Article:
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Virginia Tech hands Hurricanes their third straight loss

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The Miami Hurricanes are officially in a funk. On Thursday night they were routed by the Virginia Tech Hokies, 37-16 in Blacksburg, Va.

Miami has either not recovered from the disappointing home loss to Florida State two weeks ago, or perhaps their competition in the first four games did not provide a stern enough test.

Perhaps Coach Mark Richt and his staff felt the program’s turnaround might be ahead of schedule. The domination suffered by the Hurricanes on Thursday shows there is still plenty of work to do.

Miami quarterback Brad Kaaya had a good performance, completing 23 of 38 passes for 323 yards and two touchdowns. His counterpart, Jerod Evans, threw for 259 yards and two touchdowns. Evans also rushed for 98 yards and a score.

Virginia Tech established, and maintained, control of the game through a superior rushing attack. The Hokes rushed for 251 yards and a touchdown.

The Hurricanes ran for 97 yards themselves, but were credited with only 42 because Kaaya was sacked eight times for a combined 55 yards in losses. That is hard to overcome.

“I’m not going to throw anyone under the bus,” Richt said after the game. “Sacks have to do with a lot of things.”

Miami had no answer for Hokies’ running back Travon McMillan, who ran for 131 yards. Joseph Yearby had 59 yards on nine carries for the Hurricanes, but 41 of those came on one play

Miami fans might have been encouraged when Braxton Berrios hauled in a 25-yard Kaaya touchdown pass to make it 16-9 just 19 seconds before halftime. After trading touchdowns in the third quarter, Virginia Tech scored the final 14 points to put the game out of reach.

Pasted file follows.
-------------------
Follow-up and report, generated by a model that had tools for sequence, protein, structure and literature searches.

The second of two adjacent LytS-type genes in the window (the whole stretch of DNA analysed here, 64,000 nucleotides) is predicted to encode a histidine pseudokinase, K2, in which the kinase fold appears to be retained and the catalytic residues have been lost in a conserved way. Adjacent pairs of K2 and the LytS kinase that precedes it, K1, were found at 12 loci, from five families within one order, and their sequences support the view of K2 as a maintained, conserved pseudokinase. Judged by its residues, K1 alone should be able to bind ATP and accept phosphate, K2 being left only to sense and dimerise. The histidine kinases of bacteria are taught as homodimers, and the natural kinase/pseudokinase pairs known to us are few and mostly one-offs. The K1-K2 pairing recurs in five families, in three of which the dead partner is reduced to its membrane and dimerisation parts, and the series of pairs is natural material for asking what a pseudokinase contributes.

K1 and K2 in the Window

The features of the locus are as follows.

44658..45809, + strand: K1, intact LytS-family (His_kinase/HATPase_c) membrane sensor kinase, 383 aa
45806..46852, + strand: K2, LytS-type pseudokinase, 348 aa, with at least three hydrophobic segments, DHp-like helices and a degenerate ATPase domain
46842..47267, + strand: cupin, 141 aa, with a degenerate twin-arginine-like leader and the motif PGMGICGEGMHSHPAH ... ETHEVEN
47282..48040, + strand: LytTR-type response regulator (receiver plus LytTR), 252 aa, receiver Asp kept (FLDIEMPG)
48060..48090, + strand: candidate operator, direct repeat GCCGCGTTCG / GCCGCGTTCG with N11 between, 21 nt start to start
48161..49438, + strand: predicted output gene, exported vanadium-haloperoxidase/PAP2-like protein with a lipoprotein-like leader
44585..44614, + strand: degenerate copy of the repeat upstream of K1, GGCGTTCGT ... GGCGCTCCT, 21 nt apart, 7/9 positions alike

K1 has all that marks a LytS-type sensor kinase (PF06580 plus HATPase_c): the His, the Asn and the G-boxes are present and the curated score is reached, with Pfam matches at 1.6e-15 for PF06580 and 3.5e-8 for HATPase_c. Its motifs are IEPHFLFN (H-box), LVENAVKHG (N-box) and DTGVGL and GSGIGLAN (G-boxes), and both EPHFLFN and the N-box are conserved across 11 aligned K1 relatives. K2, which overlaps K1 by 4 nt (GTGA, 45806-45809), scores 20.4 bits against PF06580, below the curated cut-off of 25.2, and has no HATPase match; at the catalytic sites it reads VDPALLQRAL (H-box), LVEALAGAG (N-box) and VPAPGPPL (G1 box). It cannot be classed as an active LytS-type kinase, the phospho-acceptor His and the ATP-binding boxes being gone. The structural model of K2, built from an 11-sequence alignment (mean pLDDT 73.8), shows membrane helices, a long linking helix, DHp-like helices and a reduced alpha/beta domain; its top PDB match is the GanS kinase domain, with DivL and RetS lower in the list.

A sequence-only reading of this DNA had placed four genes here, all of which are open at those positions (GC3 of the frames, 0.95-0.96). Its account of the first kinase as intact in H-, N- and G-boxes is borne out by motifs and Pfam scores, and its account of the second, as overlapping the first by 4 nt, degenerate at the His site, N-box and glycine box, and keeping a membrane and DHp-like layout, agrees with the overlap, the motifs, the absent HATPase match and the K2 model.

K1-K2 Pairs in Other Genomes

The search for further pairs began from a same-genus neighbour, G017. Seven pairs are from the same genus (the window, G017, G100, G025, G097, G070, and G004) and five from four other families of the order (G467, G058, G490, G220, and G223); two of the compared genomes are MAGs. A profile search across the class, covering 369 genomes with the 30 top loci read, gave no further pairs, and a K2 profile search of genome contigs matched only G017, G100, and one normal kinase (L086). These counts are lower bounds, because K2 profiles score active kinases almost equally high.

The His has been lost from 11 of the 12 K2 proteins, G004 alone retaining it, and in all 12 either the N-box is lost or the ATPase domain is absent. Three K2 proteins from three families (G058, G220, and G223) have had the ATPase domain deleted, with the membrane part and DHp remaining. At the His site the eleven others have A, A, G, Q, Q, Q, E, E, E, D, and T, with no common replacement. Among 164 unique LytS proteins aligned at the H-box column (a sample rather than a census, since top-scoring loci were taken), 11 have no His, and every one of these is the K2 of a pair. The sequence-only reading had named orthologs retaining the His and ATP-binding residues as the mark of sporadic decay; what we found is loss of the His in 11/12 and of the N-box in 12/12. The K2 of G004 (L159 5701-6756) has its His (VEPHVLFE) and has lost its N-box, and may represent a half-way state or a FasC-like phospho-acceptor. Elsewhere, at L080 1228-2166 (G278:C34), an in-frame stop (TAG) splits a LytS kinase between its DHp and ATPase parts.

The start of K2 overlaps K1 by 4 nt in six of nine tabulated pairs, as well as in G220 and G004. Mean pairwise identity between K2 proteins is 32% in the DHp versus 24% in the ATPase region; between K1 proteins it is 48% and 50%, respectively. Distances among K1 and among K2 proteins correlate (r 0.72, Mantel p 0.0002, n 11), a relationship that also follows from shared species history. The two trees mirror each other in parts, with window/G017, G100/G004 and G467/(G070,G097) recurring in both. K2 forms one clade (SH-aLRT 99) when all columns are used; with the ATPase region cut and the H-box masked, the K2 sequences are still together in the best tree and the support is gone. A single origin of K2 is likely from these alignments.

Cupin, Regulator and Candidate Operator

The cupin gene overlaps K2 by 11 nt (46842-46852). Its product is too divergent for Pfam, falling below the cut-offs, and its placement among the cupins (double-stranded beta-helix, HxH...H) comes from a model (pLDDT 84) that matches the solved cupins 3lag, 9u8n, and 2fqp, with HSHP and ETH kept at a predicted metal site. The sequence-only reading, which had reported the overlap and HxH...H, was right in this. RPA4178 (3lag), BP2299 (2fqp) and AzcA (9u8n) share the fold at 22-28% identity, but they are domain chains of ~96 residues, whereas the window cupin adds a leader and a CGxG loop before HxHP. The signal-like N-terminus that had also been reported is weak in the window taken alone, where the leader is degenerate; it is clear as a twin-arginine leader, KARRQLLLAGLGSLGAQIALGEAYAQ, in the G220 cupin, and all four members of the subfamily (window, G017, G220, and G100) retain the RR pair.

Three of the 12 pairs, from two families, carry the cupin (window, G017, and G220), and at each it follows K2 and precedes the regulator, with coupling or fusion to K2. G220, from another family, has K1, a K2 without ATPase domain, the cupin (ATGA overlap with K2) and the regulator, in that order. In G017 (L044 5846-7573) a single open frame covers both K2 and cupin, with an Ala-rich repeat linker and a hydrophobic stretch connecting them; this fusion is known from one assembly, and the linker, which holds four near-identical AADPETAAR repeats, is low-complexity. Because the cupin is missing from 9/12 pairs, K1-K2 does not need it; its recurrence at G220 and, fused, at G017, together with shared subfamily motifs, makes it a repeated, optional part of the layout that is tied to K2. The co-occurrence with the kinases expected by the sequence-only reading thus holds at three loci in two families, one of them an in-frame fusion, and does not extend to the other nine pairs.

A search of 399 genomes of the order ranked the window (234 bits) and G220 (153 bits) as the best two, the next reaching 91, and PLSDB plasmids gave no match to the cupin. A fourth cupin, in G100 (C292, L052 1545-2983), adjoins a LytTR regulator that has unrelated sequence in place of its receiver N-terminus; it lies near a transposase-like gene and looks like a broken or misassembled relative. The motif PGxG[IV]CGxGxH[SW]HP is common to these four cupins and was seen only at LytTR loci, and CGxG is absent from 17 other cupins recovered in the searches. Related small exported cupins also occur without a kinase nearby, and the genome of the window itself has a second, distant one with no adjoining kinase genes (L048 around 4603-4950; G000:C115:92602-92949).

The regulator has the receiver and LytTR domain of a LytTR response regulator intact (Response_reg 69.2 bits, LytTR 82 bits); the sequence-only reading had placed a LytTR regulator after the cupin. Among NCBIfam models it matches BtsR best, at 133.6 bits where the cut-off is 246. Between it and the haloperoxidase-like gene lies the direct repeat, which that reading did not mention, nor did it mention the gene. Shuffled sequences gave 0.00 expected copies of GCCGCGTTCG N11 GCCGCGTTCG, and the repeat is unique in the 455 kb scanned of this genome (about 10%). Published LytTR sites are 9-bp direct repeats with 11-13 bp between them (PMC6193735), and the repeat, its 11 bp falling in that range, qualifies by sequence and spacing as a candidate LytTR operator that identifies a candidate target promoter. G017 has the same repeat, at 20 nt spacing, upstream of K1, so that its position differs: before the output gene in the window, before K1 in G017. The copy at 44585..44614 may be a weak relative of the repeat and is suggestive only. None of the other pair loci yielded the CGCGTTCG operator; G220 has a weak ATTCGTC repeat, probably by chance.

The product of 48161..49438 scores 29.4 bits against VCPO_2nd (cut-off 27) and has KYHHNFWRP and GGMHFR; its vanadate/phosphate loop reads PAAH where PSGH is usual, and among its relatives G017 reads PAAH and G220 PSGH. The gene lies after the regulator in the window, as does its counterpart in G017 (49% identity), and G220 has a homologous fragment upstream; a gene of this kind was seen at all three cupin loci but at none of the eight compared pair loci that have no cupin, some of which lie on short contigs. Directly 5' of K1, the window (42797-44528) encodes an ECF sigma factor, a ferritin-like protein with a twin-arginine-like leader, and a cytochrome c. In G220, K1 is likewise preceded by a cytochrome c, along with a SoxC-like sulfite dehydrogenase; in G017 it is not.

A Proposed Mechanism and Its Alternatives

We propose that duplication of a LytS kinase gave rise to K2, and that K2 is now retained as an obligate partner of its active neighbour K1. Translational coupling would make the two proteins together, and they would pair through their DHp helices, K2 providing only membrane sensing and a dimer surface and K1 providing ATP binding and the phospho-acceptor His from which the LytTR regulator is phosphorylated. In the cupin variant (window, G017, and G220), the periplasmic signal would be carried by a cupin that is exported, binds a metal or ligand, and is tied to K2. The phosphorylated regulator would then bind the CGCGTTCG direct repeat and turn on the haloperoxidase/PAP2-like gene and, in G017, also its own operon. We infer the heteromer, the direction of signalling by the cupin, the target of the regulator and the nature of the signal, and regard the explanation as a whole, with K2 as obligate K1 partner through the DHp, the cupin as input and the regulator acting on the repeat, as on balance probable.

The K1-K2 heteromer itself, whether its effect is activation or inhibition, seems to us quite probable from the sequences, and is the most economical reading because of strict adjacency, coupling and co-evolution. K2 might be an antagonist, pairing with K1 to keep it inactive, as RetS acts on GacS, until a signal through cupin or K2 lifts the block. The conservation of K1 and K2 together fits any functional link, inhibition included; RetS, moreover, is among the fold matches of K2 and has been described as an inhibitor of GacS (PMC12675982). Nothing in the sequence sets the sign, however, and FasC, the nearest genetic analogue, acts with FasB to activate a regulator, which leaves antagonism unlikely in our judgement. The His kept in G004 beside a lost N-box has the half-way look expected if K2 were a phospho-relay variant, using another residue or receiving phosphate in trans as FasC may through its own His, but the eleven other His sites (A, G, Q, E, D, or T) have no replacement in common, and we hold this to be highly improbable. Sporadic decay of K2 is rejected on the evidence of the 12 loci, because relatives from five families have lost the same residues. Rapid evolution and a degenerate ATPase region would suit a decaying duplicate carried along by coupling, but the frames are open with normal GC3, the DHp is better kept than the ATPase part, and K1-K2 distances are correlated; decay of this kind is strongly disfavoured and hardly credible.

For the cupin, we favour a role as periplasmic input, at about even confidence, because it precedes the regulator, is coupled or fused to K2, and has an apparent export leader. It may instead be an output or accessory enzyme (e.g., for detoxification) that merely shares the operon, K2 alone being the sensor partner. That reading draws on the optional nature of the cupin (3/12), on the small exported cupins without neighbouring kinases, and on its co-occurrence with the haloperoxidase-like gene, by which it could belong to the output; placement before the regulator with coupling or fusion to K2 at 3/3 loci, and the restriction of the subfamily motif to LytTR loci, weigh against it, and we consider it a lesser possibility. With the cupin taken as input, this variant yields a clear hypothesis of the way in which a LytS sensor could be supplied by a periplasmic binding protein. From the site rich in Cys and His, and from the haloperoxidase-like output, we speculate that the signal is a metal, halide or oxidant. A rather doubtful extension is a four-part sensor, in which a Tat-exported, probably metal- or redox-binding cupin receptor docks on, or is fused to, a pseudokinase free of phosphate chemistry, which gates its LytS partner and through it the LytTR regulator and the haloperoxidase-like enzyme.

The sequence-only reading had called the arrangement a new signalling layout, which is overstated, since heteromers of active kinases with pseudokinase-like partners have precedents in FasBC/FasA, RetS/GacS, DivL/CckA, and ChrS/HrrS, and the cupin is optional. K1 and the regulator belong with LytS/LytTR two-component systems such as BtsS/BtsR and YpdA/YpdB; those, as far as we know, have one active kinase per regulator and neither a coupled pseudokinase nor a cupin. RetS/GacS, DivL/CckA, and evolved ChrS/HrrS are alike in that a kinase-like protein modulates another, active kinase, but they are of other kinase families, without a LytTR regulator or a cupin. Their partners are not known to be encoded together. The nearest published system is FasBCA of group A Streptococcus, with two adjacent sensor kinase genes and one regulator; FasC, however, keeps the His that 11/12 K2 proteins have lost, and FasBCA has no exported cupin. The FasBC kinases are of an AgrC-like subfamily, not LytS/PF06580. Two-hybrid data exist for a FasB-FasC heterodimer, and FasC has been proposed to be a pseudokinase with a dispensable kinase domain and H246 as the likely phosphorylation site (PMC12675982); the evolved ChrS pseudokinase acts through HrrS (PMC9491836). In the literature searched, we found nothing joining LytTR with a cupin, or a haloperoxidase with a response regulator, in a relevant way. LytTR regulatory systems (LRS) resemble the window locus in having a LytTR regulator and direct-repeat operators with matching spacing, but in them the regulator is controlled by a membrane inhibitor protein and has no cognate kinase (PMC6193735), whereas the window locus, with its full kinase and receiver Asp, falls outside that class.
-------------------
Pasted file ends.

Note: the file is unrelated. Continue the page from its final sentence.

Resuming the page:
The Hurricanes fell to 4-3, but just 1-3 in the ACC. They have nine days before playing again, giving them some valuable practice time.

On October 29 they head to South Bend, Ind. to play a struggling Notre Dame team.

Bob Sparks is President of Ramos and Sparks Group, a Tallahassee-based business and political consulting firm. During his career, he has directed media relations and managed events for professional baseball, served as chief spokesperson for the Republican Party of Florida as well as the Florida Department of Environmental Protection and the Attorney General of Florida. After serving as Executive Deputy Chief of Staff for Governor Charlie Crist, he returned to the private sector working with clients including the Republican National Committee and political candidates in Japan. He lives in Tallahassee with his wife, Sue and can be reached at

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